*Blood, Bones, & Butter*, by Gabrielle Hamilton

Blood, Bones, & Butter is really two books.  The first two thirds of the book is about Gabrielle Hamilton’s journey from childhood to Prune chef/owner.  The remainder is about her unhappy marriage.  The former was amazing.  The latter shouldn’t have been published.

From childhood to Prune

I won’t give a comprehensive review.  Just read this part.  It’s great.  Here are some observations.

I enjoyed every word from page 1 to 201.  Both the sentences and stories were finely composed.

The first chapter made me hungry and jealous.  It made me anxious to provide my daughter with her own set of happy memories.  I usually find this kind of writing boring.  In this case it got me hooked.  Regular readers of memoirs will know what I mean.

I found her stories from her graduate writing program very funny.  Here’s one passage that rang true (p. 107):

In the university program where I was supposed to be emancipating myself from the kitchen, preparing myself to go back to New York having at least answered the question of my own potential, the novelty and thrill had thoroughly worn off.  I could not find the fun or the urgency in the eventless and physically idle academic life.  It was so lethargic and impractical and luxurious.  I adored reading and writing and having my brain crushed; but those soft ghostly people lounging around the lounge in agony over their “texts,” endlessly theorizing over experiences they would never have, made me ache to get back into the kitchen, which I increasingly found practical and satisfying.  The work may not have held much meaning and purpose, but I was gunning the motor of my car to get off campus and get to it each day.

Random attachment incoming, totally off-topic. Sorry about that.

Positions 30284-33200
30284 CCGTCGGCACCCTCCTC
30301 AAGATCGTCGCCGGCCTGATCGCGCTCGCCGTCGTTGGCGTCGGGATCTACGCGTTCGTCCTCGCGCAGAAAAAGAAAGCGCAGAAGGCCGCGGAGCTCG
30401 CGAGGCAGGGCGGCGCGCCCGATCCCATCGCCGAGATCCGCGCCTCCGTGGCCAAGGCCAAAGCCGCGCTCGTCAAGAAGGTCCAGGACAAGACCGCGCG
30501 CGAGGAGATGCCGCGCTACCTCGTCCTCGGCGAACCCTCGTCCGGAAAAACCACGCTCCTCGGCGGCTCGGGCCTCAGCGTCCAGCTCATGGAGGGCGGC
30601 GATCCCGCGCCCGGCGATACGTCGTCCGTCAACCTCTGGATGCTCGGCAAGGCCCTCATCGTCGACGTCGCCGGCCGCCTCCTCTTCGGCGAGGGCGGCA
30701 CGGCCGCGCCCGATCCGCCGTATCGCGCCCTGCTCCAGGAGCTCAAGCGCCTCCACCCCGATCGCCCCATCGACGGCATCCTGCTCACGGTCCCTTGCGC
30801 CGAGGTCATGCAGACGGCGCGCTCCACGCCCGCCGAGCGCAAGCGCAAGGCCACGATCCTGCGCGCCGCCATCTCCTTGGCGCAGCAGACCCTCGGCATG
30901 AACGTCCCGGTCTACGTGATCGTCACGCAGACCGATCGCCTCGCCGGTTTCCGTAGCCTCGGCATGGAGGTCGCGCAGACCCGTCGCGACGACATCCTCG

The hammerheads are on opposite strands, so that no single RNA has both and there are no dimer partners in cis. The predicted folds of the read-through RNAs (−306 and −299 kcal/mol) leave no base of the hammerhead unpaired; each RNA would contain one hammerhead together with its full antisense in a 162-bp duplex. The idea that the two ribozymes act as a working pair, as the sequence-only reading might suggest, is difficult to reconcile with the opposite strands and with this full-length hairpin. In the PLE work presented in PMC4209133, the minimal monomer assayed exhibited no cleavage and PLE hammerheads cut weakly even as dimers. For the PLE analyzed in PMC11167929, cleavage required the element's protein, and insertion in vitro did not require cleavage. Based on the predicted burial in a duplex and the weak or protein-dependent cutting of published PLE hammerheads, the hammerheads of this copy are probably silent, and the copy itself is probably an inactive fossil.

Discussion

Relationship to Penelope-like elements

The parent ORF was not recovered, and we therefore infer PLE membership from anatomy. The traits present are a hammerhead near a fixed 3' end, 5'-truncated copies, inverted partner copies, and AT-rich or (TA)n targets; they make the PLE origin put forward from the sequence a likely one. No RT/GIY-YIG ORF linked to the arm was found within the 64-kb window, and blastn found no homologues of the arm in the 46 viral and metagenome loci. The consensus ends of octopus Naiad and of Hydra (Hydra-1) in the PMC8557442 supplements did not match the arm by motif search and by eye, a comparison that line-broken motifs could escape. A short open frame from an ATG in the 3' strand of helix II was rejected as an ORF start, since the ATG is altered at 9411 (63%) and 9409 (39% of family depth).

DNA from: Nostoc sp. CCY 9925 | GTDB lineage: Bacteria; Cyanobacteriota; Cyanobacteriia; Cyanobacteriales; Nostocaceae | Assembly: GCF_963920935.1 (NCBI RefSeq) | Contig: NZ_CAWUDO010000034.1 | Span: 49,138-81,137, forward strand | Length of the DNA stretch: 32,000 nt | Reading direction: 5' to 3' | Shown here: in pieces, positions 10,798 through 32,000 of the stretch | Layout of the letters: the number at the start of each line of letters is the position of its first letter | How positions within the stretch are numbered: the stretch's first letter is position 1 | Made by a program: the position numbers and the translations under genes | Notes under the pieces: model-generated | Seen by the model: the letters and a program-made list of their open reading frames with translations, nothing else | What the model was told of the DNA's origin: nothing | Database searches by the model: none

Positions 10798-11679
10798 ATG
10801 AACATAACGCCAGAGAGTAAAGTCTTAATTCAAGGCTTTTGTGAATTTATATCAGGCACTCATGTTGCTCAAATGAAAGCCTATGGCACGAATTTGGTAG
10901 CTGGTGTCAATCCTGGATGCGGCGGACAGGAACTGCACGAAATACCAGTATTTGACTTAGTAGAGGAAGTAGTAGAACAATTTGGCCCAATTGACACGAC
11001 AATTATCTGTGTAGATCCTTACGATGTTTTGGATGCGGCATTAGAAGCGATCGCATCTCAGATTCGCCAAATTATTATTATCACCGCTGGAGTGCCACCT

An unhappy marriage

I have several issues with the story of her marriage.  First, the story isn’t finely honed.  The laser-sharp focus I felt in the first “book” dissipates in starting with the chapter on the women in cooking panel at the Culinary Institute of America.  Second, the story wasn’t resolved.  My preference is for memoirs to provide closure.  The closure doesn’t have to be happy, e.g. Adeline Yen Mah’s Falling Leaves.  To feel I’ve gotten it, I need to analysis, insight, and a well-considered accounting.  Instead I was force-fed an oppressive sequence of details.

One speculative explanation is that her life was too messy at the time of writing.  According to the New York Post,

The 2011 James Beard Award Best Chef in New York City winner wrote a recent best-seller about her stint as a lesbian before marrying Italian doctor Michele Fuortes, a teacher and researcher at Weill Cornell Medical College. The book describes a troubled marriage. But Gabrielle, 45, does not mention she has been cooking up an affair with her sister Melissa’s architect husband, Michael Hagerty.

The other parties don’t deny this.  My inference is that the story is true.  I feel bad for Melissa, especially since she was portrayed as a really good sister.  What else can I say?  Maybe the story would have tighter if publication had been pushed back and Hamilton would have had the time to process the affair and the end of her marriage.  That is my unskilled assessment.  In any event, pushing through the material was unrewarding and I eventually gave up.

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